Picture by Simon Walker / No 10 Downing Street

Conservative Party must be ‘decent and humane’, justice secretary Alex Chalk says

The Conservative Party must be “decent and humane”, the justice secretary has said. 

It come as the chancellor is considering real-terms cuts to benefits in the government’s autumn statement.

Alex Chalk, a moderate Conservative MP appointed justice secretary in April, urged his colleagues that Conservatism must provide support to the most disadvantaged in society, adding.

This appears to put Chalk at odds with the chancellor, Jeremy Hunt, who is weighing real-term cuts to benefits.

Hunt is reportedly considering capping benefit rises next April to free up cash for tax cuts ahead of the general election.

According to a report from Bloomberg, which cited people close to Hunt, real-terms benefits cuts were among cost-saving options being drawn up for the chancellor before the autumn statement, scheduled for 23 November.

It would see the government break with the tradition of lifting working benefits in line with inflation.

Asked by Sunday Morning With Trevor Phillips on Sky News if he would be comfortable with the plan, Chalk said: “We must do everything we can for the most disadvantaged in society. That is why we put up the benefits by 10.1 per cent and also universal credit, but also pensions as well.

“We want to ensure, I will want to ensure, my colleagues will want to ensure, that we are decent, humane and we want to support people.”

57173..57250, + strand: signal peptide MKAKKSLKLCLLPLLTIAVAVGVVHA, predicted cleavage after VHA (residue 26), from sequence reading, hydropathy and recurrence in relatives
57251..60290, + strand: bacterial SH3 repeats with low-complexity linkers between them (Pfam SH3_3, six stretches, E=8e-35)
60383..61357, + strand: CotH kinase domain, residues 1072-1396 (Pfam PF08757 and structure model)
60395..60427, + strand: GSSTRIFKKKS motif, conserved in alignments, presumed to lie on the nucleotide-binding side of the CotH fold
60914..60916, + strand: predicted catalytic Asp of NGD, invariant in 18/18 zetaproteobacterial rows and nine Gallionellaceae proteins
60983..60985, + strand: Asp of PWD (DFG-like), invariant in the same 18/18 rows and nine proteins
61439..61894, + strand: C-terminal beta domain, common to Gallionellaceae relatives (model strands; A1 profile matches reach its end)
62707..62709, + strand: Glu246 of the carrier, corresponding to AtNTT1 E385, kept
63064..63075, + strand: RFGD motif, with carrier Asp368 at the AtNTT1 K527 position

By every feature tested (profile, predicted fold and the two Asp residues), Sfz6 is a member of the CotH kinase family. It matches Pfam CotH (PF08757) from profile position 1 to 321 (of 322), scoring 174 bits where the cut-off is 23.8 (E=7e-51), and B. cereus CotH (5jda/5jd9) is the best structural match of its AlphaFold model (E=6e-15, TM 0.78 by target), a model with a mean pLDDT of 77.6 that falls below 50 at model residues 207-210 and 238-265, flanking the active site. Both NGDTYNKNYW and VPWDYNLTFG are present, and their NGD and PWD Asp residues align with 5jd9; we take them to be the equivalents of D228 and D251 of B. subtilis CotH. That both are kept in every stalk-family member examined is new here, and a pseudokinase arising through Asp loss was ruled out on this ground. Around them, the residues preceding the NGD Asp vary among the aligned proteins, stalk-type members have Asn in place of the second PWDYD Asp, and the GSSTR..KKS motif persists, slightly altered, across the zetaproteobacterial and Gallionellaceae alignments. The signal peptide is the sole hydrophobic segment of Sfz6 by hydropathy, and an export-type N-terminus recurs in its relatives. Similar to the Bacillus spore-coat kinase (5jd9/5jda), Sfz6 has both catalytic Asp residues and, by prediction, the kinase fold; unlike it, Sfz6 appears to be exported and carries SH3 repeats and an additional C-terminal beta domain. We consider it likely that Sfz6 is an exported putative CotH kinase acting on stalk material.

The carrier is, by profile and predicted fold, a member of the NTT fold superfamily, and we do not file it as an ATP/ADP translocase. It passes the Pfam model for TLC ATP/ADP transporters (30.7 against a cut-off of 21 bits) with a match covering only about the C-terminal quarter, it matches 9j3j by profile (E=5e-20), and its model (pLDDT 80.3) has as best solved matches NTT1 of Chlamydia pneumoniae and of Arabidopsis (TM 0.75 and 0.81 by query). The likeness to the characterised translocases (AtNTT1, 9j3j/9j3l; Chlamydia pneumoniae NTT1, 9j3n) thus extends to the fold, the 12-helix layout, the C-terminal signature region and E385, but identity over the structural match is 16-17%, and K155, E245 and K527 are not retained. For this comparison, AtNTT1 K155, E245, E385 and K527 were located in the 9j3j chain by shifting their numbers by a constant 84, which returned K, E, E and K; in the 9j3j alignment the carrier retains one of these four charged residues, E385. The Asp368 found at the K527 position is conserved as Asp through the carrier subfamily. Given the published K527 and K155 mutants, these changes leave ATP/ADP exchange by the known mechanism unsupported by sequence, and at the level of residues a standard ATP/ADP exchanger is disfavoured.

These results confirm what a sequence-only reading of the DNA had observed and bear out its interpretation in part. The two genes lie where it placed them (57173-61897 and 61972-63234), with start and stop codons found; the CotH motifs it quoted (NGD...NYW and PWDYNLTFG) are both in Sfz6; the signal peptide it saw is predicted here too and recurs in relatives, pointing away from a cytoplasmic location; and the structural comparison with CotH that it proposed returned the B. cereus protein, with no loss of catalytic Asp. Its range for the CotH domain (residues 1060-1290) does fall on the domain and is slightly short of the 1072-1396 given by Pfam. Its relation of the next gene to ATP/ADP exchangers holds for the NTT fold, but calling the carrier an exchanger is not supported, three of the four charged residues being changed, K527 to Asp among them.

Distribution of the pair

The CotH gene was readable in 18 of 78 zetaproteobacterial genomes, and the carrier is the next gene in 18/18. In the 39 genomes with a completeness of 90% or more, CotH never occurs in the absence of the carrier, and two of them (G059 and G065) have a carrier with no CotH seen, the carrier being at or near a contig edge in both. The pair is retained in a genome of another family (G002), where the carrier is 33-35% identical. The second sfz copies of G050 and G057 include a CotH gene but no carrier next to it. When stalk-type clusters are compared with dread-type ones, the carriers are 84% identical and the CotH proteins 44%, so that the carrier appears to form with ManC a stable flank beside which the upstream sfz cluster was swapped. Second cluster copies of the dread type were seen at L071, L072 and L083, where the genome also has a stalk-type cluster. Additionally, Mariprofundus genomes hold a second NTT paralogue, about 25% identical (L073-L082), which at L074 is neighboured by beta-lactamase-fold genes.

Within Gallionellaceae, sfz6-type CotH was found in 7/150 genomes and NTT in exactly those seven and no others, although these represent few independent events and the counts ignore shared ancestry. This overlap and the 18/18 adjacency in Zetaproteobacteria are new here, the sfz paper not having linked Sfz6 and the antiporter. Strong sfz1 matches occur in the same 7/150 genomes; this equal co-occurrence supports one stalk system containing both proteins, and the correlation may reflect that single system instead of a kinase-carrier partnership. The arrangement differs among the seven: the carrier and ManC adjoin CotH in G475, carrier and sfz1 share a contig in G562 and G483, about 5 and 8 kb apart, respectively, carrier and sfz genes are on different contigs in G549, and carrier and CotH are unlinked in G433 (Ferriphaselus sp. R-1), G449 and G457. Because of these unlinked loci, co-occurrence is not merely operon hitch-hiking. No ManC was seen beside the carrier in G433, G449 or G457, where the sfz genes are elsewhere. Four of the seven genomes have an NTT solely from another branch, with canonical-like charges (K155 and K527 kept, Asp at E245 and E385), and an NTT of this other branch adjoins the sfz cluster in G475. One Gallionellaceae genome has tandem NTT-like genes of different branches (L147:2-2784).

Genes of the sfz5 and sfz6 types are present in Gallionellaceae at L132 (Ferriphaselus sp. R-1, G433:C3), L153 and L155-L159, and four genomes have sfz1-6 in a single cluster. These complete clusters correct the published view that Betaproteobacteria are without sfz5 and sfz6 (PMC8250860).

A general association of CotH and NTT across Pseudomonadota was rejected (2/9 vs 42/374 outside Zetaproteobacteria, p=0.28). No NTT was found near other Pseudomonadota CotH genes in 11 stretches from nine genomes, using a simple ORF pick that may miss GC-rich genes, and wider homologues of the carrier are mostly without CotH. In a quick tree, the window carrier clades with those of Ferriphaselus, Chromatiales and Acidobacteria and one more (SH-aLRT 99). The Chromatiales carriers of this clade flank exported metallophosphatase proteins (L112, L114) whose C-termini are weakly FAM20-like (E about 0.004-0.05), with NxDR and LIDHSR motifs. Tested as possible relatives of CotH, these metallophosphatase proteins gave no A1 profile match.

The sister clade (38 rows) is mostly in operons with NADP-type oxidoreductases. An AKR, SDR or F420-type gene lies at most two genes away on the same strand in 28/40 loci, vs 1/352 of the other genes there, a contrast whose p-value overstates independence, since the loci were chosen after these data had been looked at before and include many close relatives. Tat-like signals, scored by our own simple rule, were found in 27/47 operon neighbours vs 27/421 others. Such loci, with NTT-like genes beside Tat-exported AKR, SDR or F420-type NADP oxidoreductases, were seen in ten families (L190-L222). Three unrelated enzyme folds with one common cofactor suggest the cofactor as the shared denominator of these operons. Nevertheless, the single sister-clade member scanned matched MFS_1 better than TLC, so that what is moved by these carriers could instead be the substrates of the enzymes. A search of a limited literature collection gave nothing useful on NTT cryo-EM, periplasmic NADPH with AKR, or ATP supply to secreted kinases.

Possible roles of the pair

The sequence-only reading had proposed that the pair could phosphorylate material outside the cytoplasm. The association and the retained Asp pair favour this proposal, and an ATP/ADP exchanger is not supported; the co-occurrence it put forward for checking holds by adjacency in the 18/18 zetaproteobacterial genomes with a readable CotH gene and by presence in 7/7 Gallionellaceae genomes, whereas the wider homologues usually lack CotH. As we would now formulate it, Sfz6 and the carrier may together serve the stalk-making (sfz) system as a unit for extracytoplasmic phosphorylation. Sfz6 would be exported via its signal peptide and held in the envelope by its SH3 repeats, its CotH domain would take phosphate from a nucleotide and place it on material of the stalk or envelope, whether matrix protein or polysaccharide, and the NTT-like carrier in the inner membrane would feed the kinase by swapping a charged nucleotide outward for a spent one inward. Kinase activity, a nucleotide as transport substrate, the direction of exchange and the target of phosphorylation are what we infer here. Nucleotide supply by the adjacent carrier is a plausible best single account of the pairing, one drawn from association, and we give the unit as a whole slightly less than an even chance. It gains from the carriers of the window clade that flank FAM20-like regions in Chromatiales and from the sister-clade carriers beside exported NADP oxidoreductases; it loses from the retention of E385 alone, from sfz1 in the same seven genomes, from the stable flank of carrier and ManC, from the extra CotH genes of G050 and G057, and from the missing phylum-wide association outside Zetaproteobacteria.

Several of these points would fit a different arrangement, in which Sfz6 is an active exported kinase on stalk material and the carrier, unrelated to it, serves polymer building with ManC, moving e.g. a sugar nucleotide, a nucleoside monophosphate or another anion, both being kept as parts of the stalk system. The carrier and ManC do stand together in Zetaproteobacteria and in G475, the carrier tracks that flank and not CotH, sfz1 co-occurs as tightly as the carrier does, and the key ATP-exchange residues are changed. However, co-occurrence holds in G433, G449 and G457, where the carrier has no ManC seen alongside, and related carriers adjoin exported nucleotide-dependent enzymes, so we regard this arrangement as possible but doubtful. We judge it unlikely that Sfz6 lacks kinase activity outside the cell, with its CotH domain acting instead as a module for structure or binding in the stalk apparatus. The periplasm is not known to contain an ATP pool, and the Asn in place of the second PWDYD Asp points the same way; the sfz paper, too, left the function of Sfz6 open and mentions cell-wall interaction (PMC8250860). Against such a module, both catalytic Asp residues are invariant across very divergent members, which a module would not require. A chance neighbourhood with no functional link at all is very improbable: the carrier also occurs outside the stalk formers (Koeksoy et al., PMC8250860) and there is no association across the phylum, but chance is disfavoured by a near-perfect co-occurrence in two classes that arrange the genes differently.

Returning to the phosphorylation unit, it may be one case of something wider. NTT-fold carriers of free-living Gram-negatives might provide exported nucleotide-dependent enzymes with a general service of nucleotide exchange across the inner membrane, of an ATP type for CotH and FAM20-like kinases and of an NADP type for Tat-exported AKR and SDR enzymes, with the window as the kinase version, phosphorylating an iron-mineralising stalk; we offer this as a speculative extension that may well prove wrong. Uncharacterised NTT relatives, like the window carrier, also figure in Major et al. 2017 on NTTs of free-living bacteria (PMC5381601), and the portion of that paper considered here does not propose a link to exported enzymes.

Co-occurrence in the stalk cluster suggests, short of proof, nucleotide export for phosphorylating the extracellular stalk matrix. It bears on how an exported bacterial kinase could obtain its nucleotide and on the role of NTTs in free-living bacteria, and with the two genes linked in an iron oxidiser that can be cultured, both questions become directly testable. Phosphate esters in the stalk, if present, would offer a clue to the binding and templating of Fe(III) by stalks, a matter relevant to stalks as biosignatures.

Phillips replied: “I am taking that as a no.” 

Chalk responded: “Take it as you like.”

Although a source subsequently told the Times newspaper that Chalk was not in fact expressing a view on the plans and that it was a “matter for the chancellor”.

Speaking to broadcasters at the G20 summit in Delhi, prime minister Rishi Sunak declined to “speculate” about Hunt’s plans ahead of the Autumn Statement when asked if he could guarantee benefits would rise with inflation.

Speaking to broadcasters at the G20 summit in New Delhi, the PM said there was a legal process which was worked through “every year to do benefits uprating and a whole host of other things”.

“And those decisions are announced at the Autumn Statement, that’s entirely normal”, he added.

However, the PM did commit to the ‘triple lock’ on pensions, which sees the state pension rise each April by whatever is highest out of average earnings, inflation, or 2.5 per cent.

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